How different forms of ‘green’ extractivism are causing the destruction of the Amazon forest

Deforestation of the Brazilian Amazon. Photo: V. Mendonça/Ibama

Even from afar, the Amazon appeals to people’s imagination. After all, the region is home to by far the largest rainforest and river on earth. The Amazon spans eight countries, as well as the France-occupied territory of French Guyana. Tributaries of the Amazon River run through several Amazonian countries, including the Madeira and Tapajós Rivers in Brazil, the Madre de Dios River in Peru, the Guainia River in Colombia, and the Beni River in Bolivia. About 385 groups of Indigenous Peoples inhabit the region, as well as most of the earth's remaining indigenous peoples in isolation who reject contact with the outside world.

Numerous books and illustrations have documented the greatness and diversity of species of the Amazon. And in recent years, wonderful pictures of the Amazon have also been featured in the propaganda of transnational companies—especially from the global North—in an attempt to show concern for the Amazon forest. Yet hidden behind these glossy materials are different forms of ‘green’ extractivism that are causing the present-day destruction of the Amazon rainforest.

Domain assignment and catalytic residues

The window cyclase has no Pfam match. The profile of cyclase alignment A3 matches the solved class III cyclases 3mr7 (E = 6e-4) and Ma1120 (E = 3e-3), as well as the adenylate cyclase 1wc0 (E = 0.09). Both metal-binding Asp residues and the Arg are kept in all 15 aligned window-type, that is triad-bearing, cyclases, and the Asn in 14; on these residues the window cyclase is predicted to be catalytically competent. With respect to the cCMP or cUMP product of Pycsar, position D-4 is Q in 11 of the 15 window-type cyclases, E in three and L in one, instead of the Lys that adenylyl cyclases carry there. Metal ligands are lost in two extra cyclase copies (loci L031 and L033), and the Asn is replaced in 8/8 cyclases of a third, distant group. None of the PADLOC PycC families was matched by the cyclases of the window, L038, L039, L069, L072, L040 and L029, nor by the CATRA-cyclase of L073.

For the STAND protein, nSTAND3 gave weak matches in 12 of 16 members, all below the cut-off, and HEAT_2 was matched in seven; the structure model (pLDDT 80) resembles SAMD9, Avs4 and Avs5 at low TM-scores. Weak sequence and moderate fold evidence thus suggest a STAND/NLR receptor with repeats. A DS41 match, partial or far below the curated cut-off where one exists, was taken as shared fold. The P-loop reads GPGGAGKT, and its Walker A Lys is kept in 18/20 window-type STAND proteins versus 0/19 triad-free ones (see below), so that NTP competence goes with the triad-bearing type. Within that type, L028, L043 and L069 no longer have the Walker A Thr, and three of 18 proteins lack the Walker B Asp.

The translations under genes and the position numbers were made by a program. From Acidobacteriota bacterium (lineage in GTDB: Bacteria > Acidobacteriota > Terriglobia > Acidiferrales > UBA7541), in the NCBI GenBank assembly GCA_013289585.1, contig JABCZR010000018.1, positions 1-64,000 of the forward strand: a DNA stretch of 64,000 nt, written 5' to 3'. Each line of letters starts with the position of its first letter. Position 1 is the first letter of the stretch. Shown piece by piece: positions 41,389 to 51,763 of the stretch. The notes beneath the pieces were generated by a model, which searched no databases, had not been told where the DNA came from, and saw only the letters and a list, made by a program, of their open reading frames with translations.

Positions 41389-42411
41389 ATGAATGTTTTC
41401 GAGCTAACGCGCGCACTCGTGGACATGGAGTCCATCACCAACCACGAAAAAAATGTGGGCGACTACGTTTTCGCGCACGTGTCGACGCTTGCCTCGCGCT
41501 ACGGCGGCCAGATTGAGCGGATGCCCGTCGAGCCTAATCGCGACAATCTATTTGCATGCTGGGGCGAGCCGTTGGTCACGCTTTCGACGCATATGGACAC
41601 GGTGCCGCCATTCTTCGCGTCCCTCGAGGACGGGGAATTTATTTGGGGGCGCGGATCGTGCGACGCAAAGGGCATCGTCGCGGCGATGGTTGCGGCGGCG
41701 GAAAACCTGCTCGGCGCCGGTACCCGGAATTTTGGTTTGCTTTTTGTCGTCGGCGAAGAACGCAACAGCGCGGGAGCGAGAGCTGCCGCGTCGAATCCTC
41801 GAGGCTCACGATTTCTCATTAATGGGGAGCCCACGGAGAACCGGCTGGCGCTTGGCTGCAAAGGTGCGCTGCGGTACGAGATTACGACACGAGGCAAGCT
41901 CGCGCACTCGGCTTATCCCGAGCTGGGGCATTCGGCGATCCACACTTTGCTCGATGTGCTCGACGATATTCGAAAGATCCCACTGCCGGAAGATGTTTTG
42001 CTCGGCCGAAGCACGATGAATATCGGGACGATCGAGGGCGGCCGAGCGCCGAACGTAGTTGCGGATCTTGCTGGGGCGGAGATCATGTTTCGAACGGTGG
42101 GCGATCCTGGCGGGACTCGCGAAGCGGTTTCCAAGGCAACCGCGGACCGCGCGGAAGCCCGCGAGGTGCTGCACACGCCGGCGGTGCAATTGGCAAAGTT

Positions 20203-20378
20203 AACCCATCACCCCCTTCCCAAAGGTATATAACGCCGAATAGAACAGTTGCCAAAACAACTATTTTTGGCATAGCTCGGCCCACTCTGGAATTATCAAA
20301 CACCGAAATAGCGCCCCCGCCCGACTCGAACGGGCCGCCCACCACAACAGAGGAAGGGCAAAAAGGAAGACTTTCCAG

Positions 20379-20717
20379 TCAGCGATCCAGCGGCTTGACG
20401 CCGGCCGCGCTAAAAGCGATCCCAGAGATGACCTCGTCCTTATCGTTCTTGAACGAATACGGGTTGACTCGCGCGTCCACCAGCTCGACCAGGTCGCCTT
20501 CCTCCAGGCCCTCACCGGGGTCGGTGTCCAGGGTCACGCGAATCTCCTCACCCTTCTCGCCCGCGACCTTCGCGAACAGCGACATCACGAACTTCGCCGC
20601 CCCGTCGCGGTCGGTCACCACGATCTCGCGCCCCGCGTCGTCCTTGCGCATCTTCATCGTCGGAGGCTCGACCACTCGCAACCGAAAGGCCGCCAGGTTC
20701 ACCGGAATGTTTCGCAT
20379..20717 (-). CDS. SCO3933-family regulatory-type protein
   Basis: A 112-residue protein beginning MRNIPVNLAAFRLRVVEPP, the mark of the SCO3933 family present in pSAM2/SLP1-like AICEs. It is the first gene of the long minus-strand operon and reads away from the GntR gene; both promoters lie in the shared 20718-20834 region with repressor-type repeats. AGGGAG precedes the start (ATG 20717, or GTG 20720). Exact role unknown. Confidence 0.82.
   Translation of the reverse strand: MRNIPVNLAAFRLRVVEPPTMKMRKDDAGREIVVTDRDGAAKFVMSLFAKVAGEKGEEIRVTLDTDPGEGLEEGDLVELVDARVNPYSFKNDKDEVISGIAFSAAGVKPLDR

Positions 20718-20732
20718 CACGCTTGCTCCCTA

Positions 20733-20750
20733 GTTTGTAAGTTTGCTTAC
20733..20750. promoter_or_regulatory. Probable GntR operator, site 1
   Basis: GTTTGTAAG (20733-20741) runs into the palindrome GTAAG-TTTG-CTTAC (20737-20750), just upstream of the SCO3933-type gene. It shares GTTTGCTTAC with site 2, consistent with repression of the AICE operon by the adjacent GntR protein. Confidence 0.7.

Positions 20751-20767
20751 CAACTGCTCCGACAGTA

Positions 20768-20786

Deforestation and forest degradation in the Amazon

Over half of the large-scale deforestation in the Amazon is caused by three specific activities, which often occur in tandem: logging, cattle-grazing and agribusiness. This explains why Brazil and Bolivia, where most of these activities are concentrated, have the highest deforestation rates—not just regionally, but worldwide. Meanwhile, forest degradation—a phenomenon caused by, among other things, logging and severe periods of drought—receives much less attention than deforestation. This is despite the fact that forest degradation negatively affects a much larger area than does large-scale deforestation. According to a study published in 2023, about 38% of the remaining forest in the Amazon is degraded (1).

Deforestation advances most during the dry season, with the help of thousands of forest fires. These fires are not just unfortunate environmental accidents. In Brazil, for example—where 60% of the Amazon forest is located—forest fires are, first and foremost, political tools that facilitate the appropriation of public lands by large-scale farmers, cattle-grazers and agribusiness companies. After the forest is logged, roads are built to extract the valuable timber and get it to national and international markets. This then enables cattle grazers to access the area, and set fire to the land to plant grass. After cattle grazing depletes the soil, large-scale soy monoculture plantations often become the next use for the land. The same pattern occurs in Bolivia.